Immunotherapy works differently. Immunotherapy does not directly attack or kill cancer cells. It is designed to “jump start” the patient’s own immune system so that it can kill the cancer cells.

Different Types of Cancer Immunotherapy

There are five different categories of cancer immunotherapy in use to treat cancer today: immune checkpoint modulators, therapeutic antibodies, therapeutic vaccines, non-specific immunotherapies, and therapeutic viruses.

Immune checkpoint modulators: The immune system must strike a careful balance when it protects the body. It needs to react strongly enough to kill cells that have become abnormal. However, it must not react so strongly that it kills healthy, normal body cells. The immune system often allows cells that seem to be a little bit abnormal to continue to live. The cells of the immune system do this by scanning the surface of other cells they come into contact with for certain molecules. These molecules are known as “immune checkpoints”. When the immune cells see the immune checkpoint molecules, they will not attack. Cancer cells can trick immune cells by showing an immune checkpoint pattern on their surface that tells immune cells not to attack.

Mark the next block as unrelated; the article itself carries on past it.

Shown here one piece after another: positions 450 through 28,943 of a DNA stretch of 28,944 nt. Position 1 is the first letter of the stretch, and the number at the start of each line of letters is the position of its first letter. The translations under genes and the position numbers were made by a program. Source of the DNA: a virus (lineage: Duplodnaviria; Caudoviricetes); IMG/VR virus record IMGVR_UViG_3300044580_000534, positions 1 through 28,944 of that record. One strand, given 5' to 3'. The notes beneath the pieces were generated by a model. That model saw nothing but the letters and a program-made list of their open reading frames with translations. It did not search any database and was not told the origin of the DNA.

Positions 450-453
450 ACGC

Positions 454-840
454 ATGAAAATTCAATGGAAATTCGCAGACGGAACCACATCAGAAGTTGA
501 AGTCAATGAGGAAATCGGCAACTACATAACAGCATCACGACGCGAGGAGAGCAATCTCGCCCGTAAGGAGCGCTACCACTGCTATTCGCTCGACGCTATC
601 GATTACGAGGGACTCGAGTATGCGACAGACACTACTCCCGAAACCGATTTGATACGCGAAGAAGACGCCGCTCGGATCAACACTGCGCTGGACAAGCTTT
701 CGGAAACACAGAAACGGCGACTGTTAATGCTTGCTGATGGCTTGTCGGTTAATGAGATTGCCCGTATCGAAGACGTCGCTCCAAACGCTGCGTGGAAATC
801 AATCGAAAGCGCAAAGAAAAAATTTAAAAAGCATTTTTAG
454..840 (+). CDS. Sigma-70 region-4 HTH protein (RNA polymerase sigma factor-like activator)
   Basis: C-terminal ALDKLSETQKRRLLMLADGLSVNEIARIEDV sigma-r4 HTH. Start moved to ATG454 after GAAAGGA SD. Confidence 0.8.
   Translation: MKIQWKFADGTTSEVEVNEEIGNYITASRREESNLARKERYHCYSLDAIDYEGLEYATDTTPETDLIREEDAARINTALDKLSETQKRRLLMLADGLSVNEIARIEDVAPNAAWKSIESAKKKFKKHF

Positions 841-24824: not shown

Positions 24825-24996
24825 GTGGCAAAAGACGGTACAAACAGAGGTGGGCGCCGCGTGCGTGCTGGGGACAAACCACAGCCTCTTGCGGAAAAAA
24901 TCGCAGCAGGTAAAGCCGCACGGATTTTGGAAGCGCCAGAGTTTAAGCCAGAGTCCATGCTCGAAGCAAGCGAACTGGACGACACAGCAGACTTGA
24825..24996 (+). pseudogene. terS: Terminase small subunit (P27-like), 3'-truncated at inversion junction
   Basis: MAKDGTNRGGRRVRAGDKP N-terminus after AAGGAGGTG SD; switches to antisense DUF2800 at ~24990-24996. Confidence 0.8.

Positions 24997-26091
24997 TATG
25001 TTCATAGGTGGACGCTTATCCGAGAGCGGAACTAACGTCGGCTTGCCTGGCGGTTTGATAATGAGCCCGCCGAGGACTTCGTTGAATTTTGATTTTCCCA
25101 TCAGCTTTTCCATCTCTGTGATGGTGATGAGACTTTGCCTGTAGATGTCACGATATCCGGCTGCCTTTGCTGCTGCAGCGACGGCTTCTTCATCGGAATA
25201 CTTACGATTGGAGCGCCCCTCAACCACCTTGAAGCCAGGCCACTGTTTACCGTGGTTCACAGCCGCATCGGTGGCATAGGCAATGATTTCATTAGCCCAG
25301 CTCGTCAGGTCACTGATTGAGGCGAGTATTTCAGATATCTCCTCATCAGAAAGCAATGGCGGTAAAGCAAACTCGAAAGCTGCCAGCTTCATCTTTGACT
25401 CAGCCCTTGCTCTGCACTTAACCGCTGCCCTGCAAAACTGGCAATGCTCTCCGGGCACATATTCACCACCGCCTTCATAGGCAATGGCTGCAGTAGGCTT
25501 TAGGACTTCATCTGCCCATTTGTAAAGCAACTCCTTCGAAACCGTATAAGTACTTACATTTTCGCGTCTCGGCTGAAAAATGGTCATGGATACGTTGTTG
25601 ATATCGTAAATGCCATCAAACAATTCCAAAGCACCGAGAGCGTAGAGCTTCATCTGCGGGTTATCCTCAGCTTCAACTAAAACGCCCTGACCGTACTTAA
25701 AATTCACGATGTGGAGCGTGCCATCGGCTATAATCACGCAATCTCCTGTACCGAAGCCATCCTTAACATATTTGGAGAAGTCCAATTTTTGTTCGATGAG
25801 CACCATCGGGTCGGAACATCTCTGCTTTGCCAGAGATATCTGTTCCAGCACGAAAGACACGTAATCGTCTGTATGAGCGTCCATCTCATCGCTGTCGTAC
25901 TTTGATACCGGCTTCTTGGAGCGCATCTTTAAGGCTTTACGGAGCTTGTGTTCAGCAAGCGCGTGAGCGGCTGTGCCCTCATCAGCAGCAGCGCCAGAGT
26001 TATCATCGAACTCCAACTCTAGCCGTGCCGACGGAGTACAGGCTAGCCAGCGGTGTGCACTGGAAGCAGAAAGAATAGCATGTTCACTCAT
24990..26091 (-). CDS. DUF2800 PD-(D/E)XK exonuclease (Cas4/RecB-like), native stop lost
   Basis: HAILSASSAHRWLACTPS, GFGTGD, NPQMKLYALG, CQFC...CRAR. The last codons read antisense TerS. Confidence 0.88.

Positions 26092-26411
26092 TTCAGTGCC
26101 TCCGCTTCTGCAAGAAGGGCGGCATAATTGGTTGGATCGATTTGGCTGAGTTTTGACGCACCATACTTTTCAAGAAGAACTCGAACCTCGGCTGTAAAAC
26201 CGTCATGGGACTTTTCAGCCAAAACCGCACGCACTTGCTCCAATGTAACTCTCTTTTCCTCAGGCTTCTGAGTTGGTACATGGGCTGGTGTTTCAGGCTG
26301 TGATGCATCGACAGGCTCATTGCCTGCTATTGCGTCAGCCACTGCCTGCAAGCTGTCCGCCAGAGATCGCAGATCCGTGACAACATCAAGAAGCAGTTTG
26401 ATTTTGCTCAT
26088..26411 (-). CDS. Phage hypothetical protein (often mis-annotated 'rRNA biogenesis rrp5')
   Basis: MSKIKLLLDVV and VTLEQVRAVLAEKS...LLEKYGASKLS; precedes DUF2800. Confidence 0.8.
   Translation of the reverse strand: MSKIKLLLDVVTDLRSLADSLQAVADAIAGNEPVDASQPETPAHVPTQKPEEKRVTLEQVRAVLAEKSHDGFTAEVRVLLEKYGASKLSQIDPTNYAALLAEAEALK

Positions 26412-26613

Immune checkpoint modulators are drugs that change the way immune cells react to immune checkpoint patterns. These drugs can make the immune system more likely to attack other cells that only seem a little bit abnormal, rather than attacking only those cells that are very abnormal. In this way, the immune system is more likely to attack and kill cancer cells even when those cancer cells are mimicking normal cells.

Cancer immunotherapy is being used today to treat some types of melanoma and lung cancers. It is being studied in some patients with other cancers as well.

Therapeutic antibodies: Antibodies are small proteins made by the immune system that circulate in the blood. Antibodies in the blood attach to foreign invaders (like viruses and bacteria) or abnormal cells (like cancer cells). Once attached, the antibodies prompt the immune system to kill the invader or the abnormal cell.